In To Kill a Mockingbird, what "trick" does Atticus teach Scout about getting along with people?

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afi80fl's profile pic

Posted on (Answer #1)

Atticus taught her that you never really know a person until you "climb into their skin" and walk around in it.  In other words, you've got to climb into their shoes and see things from their perspective.  By teaching her how to understand the views of others, Atticus is preparing her to understand life in a unique and mature way.

This is particularly important considering the drama that will begin to unfold in the town as Tom Robinson's trial takes place.  People who Scout thought were good will go "stark-raving mad" when the trial begins, because it involves race at the core of the subject matter. 

Sterotypically, the South has always had race problems.  While it is true that a lot of documented racial persecution and strife has taken place in the Southern United States, it is also true that all areas experience some sort of racial tubulance from time to time.  This is important to note as one reads the story, so as to avoid forming a negative opinion of the South as a whole.  Atticus even tries to explain that the people are genuinely good, but when race becomes an issue, their perspective changes nearly 100%.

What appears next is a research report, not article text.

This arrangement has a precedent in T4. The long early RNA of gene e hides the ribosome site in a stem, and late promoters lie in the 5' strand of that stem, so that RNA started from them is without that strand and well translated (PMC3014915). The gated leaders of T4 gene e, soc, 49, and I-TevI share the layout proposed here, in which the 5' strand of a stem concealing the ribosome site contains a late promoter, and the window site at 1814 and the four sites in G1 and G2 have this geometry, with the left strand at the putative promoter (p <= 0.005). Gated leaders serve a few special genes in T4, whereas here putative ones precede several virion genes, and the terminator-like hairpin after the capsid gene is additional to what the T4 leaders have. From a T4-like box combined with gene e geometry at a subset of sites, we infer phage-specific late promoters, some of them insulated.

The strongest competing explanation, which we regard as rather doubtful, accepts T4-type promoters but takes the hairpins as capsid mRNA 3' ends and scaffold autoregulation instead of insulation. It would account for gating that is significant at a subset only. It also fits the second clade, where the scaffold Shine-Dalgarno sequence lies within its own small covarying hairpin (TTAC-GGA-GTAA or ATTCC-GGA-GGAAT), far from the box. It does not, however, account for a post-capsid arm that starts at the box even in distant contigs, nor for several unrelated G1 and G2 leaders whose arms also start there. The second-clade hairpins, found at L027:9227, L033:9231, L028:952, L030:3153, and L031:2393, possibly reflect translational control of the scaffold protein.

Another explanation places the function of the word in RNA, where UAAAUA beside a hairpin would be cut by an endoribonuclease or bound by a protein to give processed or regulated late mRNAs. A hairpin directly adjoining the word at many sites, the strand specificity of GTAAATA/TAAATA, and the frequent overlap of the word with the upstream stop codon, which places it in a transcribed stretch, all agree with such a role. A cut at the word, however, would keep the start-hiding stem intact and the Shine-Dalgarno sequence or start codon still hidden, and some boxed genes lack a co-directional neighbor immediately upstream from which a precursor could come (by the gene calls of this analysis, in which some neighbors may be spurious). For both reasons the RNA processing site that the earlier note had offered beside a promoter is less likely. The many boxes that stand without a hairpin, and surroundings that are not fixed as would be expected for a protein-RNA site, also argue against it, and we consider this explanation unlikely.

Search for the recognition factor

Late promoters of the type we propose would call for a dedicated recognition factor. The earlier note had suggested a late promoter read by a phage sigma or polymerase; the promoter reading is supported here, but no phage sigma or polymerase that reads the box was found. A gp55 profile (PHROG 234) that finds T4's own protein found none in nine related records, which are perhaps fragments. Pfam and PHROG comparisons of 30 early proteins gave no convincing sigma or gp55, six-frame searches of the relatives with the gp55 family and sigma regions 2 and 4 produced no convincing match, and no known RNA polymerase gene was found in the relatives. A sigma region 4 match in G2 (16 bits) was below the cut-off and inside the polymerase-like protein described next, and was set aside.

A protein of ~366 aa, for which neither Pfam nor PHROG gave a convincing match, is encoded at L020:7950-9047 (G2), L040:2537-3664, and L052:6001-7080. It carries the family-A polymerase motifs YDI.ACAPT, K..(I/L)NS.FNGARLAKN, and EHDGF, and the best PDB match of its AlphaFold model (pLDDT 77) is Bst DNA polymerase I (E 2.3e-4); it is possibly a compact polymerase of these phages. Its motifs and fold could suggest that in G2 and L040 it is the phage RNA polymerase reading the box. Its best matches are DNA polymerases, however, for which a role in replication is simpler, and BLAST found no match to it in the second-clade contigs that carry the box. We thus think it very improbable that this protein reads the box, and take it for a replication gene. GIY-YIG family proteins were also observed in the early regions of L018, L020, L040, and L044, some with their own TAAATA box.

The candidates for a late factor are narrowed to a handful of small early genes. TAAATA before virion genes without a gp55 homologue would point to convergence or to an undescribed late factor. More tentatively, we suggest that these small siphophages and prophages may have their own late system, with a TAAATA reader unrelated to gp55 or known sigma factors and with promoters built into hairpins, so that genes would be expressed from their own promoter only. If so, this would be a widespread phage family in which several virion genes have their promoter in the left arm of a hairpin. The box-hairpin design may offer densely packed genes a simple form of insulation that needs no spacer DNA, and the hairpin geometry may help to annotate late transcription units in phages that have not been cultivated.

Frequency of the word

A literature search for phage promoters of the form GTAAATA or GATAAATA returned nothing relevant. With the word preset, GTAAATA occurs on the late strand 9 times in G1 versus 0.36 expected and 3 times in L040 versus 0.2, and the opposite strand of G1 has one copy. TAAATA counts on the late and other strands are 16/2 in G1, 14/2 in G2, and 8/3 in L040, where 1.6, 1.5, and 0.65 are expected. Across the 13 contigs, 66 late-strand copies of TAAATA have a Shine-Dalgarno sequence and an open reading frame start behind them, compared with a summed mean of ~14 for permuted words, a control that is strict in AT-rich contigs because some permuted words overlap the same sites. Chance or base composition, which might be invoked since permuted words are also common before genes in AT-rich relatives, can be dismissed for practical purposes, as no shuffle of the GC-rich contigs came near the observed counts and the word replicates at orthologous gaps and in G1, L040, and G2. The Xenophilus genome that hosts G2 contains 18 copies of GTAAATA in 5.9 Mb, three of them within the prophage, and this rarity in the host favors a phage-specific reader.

engtchr5's profile pic

Posted on (Answer #2)

Scout learns that in order to fully understand people, she must put herself in their position. This is what Atticus means by his statement about "walking around" in another person's skin. An old American Indian proverb states that one may not judge another until they've walked a mile in that other person's "moccasins," and the line of thinking that Atticus is giving Scout reiterates that idea. Scout sees people she knows well exhibiting prejudice and bigotry, and she doesn't know how to handle it until Atticus "clears the air" for her, using this piece of fatherly advice.
desmen's profile pic

Posted on (Answer #3)

He taught them to stand in the other persons shoes, look at their soul and not make judgements based on race or social status.

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